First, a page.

Influence and Legacy
Hemingway's legacy to American literature is his style: writers who came after him emulated it or avoided it. After his reputation was established with the publication of The Sun Also Rises, he became the spokesperson for the post–World War I generation, having established a style to follow. His books were burned in Berlin in 1933, "as being a monument of modern decadence". His parents disavowed his literature as "filth". Reynolds asserts the legacy is that "he left stories and novels so starkly moving that some have become part of our cultural heritage." In a 2004 speech at the John F. Kennedy Library, Russell Banks declared that he, like many male writers of his generation, was influenced by Hemingway's writing philosophy, style, and public image. Müller reports that Hemingway "has the highest recognition value of all writers worldwide". On the other hand, in 2012, novelist John Irving rejected most of Hemingway's work "except for a few short stories", saying that the "write-what-you-know dictum has no place in imaginative literature". Irving also objected to the "offensive tough-guy posturing—all those stiff-upper-lip, don’t-say-much men" and contrasted Hemingway's approach to that of Herman Melville, citing the latter's advice: 'Woe to him who seeks to please rather than appall.'"
Benson believes the details of Hemingway's life have become a "prime vehicle for exploitation", resulting in a Hemingway industry. Hemingway scholar Hallengren believes the "hard boiled style" and the machismo must be separated from the author himself. Benson agrees, describing him as introverted and private as J. D. Salinger, although Hemingway masked his nature with braggadocio. In fact, during World War II, Salinger met and corresponded with Hemingway, whom he acknowledged as an influence. In a letter to Hemingway, Salinger claimed their talks "had given him his only hopeful minutes of the entire war" and jokingly "named himself national chairman of the Hemingway Fan Clubs."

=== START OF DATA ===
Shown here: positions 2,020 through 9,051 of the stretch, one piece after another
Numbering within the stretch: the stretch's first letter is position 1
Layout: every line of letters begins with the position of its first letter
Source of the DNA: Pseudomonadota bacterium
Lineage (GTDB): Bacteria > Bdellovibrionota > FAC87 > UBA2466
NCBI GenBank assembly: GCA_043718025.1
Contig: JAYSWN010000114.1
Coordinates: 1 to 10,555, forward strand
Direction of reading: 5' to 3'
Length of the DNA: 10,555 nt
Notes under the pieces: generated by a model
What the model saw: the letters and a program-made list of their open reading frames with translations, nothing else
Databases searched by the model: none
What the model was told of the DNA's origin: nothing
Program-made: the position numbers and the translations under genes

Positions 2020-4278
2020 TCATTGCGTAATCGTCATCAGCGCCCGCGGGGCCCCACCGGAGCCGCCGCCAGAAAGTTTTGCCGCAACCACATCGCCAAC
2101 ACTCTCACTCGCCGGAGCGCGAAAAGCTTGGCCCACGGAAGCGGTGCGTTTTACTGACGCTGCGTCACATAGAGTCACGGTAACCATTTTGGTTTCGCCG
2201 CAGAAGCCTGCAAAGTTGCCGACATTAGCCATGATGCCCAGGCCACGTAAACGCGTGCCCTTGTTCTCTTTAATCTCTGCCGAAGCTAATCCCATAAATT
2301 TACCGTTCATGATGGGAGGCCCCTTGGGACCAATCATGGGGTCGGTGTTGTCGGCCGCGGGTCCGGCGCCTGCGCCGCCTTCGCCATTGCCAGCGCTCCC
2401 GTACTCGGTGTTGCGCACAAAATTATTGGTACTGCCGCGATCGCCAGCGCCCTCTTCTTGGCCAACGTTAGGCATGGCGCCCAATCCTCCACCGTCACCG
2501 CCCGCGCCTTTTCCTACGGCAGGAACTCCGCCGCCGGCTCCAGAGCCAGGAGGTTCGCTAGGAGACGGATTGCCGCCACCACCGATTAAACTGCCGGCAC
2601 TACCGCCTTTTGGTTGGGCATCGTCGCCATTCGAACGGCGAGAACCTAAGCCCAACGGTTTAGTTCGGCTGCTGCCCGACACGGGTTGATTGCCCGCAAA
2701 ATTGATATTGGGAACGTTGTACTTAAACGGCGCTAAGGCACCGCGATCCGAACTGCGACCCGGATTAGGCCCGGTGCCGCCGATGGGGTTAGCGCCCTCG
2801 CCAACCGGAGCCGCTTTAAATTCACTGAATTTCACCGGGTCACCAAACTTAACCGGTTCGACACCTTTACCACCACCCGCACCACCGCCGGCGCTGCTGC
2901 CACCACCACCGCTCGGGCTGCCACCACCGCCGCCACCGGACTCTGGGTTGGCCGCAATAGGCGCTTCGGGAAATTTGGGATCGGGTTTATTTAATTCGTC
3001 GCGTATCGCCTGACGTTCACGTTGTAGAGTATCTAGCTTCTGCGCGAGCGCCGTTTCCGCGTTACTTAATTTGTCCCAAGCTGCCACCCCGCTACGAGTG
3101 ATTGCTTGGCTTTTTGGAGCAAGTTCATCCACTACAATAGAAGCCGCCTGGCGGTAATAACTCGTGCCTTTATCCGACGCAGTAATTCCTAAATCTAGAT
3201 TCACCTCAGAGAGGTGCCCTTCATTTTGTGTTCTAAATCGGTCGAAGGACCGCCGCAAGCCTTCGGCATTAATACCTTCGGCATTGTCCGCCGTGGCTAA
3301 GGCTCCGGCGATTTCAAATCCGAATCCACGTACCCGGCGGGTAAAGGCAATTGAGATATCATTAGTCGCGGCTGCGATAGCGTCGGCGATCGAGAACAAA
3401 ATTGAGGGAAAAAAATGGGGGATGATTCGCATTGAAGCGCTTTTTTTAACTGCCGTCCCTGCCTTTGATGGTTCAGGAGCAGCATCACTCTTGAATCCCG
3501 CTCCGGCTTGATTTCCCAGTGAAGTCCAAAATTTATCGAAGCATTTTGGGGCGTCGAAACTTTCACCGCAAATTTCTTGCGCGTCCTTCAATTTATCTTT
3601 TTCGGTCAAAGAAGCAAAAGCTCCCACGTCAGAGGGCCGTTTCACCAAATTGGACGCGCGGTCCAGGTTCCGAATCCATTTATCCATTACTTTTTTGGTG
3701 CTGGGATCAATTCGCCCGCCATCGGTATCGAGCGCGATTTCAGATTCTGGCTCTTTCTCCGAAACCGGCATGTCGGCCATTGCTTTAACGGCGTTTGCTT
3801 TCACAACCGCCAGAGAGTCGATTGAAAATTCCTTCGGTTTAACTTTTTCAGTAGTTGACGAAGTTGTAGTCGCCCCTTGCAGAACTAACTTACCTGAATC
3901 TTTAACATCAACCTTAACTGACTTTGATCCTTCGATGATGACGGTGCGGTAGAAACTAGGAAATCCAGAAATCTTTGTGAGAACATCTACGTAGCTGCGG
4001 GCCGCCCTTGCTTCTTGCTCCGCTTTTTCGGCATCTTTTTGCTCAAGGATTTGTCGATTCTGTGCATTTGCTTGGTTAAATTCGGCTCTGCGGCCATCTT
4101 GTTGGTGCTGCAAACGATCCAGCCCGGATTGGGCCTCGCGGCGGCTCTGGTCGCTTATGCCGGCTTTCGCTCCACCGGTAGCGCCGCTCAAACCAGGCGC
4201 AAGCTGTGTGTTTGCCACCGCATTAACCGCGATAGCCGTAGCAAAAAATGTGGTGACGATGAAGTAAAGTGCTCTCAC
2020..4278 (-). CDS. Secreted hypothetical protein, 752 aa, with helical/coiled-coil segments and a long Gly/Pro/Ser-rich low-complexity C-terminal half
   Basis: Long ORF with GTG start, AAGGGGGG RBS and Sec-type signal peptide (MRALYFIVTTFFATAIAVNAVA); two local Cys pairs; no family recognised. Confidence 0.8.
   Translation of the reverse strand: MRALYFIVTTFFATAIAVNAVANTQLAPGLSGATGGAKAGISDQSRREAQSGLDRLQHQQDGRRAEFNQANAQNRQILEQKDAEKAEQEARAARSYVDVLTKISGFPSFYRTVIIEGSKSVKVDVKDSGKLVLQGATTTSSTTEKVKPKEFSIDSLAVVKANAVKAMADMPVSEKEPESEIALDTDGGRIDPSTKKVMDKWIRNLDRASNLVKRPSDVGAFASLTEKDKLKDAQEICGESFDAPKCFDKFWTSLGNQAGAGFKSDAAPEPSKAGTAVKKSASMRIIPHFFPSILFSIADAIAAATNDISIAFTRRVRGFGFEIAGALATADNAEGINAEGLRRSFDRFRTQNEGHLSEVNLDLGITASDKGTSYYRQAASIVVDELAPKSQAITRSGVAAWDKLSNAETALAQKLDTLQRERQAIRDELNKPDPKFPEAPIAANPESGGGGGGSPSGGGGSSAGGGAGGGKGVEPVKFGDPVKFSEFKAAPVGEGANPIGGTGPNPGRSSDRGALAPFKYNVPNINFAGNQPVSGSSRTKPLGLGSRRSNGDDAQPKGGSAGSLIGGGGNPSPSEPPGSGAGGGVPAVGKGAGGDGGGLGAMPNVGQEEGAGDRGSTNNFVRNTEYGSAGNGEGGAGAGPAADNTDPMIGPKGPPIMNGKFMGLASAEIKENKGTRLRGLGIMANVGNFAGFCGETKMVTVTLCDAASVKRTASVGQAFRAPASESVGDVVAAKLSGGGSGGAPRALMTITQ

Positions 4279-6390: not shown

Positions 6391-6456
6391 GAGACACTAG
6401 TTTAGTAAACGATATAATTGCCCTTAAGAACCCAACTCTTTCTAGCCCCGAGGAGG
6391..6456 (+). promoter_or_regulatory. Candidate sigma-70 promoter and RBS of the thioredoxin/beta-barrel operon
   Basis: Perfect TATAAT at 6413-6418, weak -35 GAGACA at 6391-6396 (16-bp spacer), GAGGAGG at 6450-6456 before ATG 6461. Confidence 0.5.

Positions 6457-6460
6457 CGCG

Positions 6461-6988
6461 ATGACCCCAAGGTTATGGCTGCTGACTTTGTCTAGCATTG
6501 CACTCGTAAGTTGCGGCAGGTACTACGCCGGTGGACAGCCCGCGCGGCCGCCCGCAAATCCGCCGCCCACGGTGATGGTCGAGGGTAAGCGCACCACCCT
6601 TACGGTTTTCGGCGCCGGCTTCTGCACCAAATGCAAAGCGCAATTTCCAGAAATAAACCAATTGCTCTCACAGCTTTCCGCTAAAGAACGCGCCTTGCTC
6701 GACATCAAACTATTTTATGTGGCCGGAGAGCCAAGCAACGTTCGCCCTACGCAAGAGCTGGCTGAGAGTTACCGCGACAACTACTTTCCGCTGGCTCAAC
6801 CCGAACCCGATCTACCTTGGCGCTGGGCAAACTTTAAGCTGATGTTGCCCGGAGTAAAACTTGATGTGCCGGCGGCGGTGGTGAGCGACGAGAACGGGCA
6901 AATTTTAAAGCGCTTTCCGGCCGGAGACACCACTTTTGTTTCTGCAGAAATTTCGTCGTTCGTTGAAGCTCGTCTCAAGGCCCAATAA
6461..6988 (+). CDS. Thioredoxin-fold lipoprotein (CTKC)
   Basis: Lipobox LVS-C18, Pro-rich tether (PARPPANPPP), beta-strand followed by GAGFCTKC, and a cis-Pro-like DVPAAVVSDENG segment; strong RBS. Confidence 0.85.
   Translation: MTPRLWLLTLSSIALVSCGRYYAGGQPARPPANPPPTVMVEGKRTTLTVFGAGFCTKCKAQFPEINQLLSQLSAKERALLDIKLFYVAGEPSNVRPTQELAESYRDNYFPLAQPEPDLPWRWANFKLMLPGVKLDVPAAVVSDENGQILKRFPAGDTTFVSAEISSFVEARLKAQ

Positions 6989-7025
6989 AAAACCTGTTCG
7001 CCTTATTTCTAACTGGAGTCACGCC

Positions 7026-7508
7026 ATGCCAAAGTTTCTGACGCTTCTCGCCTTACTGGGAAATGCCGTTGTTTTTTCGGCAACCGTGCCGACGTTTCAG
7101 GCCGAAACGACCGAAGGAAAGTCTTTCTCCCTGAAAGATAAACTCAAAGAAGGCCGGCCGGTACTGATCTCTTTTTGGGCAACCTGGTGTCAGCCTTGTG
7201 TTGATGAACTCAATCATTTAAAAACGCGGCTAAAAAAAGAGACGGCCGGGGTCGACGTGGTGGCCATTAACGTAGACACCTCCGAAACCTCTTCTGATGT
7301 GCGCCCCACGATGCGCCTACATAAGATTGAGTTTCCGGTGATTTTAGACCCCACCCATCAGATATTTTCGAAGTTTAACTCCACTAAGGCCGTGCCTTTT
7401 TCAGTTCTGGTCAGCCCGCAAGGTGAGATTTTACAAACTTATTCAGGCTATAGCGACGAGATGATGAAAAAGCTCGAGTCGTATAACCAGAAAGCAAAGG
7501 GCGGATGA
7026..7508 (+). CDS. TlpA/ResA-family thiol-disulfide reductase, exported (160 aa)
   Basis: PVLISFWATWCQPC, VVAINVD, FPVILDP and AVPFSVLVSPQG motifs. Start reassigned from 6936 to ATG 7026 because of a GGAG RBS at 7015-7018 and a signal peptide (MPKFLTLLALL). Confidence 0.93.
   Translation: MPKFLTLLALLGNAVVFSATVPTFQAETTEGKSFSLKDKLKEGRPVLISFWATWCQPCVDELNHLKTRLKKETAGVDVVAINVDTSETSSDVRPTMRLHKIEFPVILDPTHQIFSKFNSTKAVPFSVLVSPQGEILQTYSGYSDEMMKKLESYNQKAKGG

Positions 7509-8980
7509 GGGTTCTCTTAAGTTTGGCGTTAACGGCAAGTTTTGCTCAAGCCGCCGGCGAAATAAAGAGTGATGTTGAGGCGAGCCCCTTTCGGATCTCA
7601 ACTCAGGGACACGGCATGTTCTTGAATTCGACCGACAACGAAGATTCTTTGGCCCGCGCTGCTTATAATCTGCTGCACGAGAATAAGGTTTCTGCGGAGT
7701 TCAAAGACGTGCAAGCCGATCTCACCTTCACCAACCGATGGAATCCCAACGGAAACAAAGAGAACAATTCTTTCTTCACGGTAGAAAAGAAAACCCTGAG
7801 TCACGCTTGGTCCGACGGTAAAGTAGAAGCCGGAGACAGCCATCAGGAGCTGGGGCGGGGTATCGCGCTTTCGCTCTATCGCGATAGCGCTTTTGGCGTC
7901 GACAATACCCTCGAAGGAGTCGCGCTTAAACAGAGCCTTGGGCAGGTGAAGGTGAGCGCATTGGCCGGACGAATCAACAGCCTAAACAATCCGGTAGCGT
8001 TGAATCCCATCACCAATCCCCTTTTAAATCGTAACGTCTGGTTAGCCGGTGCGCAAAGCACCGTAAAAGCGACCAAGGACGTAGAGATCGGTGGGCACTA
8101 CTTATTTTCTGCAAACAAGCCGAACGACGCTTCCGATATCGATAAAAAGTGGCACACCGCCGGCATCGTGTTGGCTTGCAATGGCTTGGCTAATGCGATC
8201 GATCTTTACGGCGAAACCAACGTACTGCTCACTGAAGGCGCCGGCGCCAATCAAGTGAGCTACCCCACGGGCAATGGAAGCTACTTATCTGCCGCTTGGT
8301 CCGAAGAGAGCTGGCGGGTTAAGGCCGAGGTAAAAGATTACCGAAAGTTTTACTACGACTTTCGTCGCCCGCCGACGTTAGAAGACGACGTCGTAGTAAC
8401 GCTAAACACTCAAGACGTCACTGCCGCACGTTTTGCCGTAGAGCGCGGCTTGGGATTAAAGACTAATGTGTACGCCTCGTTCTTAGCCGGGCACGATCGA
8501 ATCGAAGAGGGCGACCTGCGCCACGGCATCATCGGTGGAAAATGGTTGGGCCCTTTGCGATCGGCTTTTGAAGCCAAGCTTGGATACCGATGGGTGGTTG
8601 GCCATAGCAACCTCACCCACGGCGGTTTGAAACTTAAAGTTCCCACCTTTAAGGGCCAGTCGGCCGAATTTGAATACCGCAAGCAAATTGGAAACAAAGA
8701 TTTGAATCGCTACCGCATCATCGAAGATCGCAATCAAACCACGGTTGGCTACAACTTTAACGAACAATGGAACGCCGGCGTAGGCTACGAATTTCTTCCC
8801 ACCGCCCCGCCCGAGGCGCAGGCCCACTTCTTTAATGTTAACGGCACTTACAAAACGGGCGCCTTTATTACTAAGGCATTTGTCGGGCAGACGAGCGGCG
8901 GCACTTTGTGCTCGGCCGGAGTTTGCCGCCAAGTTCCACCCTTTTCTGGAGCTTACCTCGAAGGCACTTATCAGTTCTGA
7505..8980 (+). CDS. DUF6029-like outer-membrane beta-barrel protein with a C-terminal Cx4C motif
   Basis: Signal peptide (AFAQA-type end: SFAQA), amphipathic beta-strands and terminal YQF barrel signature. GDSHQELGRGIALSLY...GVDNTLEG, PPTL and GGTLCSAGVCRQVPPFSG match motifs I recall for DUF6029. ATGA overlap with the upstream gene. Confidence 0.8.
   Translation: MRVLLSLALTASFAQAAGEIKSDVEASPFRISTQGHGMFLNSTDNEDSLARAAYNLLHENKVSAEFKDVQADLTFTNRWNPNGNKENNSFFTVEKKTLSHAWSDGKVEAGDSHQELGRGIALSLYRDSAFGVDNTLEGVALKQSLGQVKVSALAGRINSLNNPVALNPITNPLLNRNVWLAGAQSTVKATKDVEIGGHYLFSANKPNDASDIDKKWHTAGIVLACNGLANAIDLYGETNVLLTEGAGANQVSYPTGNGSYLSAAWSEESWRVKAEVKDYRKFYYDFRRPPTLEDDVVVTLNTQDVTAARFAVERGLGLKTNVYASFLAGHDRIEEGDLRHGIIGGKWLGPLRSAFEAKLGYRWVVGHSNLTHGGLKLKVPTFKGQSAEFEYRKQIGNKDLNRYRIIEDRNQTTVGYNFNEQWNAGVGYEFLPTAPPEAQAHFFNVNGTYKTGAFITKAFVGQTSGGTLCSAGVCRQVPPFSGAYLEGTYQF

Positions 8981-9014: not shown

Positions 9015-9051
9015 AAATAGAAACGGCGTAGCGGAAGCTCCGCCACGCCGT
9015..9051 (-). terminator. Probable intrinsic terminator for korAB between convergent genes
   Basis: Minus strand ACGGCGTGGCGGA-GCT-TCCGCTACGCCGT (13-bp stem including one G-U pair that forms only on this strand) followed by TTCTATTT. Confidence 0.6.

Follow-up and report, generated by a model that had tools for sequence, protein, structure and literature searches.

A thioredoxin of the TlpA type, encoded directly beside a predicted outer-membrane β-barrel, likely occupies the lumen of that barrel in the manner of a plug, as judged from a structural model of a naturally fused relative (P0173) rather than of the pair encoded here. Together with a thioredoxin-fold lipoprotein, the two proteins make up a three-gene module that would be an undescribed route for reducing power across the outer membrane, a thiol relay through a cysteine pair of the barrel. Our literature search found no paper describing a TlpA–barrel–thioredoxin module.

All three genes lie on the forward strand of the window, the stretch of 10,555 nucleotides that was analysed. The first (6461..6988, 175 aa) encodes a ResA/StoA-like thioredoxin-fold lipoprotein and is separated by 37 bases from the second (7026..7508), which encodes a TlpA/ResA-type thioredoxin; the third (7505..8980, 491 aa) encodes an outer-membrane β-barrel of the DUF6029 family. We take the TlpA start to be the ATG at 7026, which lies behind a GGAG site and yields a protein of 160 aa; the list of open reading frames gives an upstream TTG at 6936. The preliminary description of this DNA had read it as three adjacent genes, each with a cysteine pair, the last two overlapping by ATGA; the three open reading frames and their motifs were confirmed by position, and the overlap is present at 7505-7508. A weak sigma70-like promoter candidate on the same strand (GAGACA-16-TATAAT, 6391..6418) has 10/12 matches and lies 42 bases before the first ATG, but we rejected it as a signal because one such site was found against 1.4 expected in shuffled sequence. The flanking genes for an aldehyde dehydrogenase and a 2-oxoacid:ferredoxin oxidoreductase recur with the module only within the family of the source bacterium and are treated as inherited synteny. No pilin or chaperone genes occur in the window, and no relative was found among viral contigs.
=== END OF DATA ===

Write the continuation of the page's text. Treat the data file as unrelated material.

The International Imitation Hemingway Competition was created in 1977 to publicly acknowledge his influence and the comically misplaced efforts of lesser authors to imitate his style. Entrants are encouraged to submit one "really good page of really bad Hemingway" and winners are flown to Italy to Harry's Bar.
The minor planet 3656 Hemingway, discovered in 1978 by Soviet astronomer Nikolai Stepanovich Chernykh, was named after Hemingway.
The influence is evident with the many restaurants named "Hemingway"; and the proliferation of bars called "Harry's" (a nod to the bar in Across the River and Into the Trees). A line of Hemingway furniture, promoted by Hemingway's son Jack (Bumby), has pieces such as the "Kilimanjaro" bedside table, and a "Catherine" slip-covered sofa. Montblanc offers a Hemingway fountain pen, and a line of Hemingway safari clothes has been created.
In 1965 Mary Hemingway established the Hemingway Foundation and in the 1970s she donated her husband's papers to the John F. Kennedy Library. In 1980 a group of Hemingway scholars gathered to assess the donated papers, subsequently forming the Hemingway Society, "committed to supporting and fostering Hemingway scholarship."
Ray Bradbury wrote The Kilimanjaro Device, with Hemingway transported to the top of Mount Kilimanjaro. The 1993 film Wrestling Ernest Hemingway, about the friendship of two retired men in a seaside town in Florida, is named after a story one of the characters (played by Richard Harris) tells about having wrestled Hemingway in the 1930s.
Read more about this topic: Ernest Hemingway
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